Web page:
The Best Way to Get Around Traffic-Clogged Mexico City May Be on a Bike
When I told people in Mexico City that I wanted to go cycling, they offered a strong word of caution.
“It’s really scary,” said Ulises Escamilla, my interpreter in Mexico. “You know what, I’m going to walk.”
Escamilla offered a common perspective from non-cyclists. For active cyclists though, the city isn’t nearly so scary.
Every week, about 200 people go on a four-hour night ride through the city. They call themselves “The Bicitekas.” Ivan Sandoval heads the group. He said to call him “El Guajo,” The Turkey, because his friends say he looks like a turkey.
The Bicitekas ride in a pack for fun and also to raise the profile of cycling. El Guajo said they’re trying to create a more human city, to promote non-motorized transport.
He told me about a new commuting contest here between a car, public transportation, a motorcycle and a bicycle. He said they do it to show how fast the bike is. The bike always wins.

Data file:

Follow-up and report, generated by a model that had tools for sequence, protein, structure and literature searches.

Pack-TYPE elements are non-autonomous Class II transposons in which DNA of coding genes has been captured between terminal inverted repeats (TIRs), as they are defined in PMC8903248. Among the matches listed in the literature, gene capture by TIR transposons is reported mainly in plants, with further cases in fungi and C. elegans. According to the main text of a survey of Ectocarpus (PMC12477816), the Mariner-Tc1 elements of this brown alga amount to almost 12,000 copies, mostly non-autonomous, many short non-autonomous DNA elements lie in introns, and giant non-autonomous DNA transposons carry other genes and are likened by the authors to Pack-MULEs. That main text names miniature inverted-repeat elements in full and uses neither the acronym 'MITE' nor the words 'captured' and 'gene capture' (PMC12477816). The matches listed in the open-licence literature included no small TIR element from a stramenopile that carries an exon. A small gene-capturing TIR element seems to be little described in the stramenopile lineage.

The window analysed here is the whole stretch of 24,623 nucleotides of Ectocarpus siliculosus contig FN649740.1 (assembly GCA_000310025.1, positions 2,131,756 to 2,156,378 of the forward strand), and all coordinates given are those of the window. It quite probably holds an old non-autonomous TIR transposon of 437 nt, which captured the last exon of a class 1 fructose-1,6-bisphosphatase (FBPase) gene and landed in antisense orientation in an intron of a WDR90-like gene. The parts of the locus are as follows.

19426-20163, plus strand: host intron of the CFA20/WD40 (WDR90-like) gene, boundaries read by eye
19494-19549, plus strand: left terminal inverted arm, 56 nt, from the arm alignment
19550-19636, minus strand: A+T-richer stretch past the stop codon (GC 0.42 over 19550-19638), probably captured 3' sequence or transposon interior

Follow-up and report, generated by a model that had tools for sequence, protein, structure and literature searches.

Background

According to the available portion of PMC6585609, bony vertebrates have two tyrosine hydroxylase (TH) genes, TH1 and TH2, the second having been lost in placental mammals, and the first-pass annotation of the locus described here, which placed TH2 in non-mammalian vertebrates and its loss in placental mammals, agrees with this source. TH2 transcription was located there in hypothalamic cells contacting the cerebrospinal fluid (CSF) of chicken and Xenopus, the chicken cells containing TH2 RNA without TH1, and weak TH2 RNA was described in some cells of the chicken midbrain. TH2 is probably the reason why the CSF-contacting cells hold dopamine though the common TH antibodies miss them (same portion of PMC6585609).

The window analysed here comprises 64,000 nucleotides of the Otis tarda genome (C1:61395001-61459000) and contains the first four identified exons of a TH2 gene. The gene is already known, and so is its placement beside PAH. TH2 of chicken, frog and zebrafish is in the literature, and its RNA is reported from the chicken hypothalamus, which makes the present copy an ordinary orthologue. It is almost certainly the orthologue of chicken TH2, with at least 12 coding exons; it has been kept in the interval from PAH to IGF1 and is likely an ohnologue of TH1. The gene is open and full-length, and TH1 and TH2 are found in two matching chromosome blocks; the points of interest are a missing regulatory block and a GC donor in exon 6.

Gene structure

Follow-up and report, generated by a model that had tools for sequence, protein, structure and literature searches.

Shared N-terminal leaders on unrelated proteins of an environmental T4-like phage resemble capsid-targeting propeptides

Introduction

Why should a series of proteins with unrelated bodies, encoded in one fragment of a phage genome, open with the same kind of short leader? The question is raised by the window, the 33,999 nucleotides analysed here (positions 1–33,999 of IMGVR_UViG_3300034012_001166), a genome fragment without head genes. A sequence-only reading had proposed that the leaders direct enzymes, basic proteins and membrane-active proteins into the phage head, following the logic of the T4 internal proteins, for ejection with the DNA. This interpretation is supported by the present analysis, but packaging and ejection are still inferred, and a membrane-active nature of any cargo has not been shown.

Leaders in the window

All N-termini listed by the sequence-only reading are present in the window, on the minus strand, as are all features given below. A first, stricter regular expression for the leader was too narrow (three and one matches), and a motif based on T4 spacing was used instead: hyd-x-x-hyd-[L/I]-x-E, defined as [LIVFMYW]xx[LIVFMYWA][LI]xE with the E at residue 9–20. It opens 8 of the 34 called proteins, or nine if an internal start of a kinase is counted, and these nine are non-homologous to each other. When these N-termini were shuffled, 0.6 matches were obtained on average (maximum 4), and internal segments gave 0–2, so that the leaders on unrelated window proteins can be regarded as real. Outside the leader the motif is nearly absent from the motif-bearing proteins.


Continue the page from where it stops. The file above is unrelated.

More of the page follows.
The Bicitekas aren’t saying Mexico City is cycling nirvana: They mark cycling deaths here by putting up “ghost bikes,” bike frames painted white, memorials for killed riders. Last year they built two — tragic, but still a very low number for a megacity.
It’s worth noting, the Bicitekas also ride at night when it’s safer. Monica Martinez, who was on the night ride, said drivers still act like they own the road.
“Taxis get angry,” said Martinez. “There have been a lot of accidents caused by a taxi.”
She, and others, say average drivers aren’t much better. You actually don’t need to pass an exam to get a license in Mexico City; testing so was corrupt they did away with it.
Despite it all, Martinez rides six miles, round trip, each day to work.
“It’s better because I don’t have to be in traffic and cars,” she said. Instead, she uses Mexico City’s new bike lanes. The city now has nearly 40 miles of these lanes, half of which was implemented last year, and plans for more. Concrete dividers separate bikes from cars.
From my experience, when I was cycling in a lane, I felt really safe and relaxed.
Read the rest at Public Radio International
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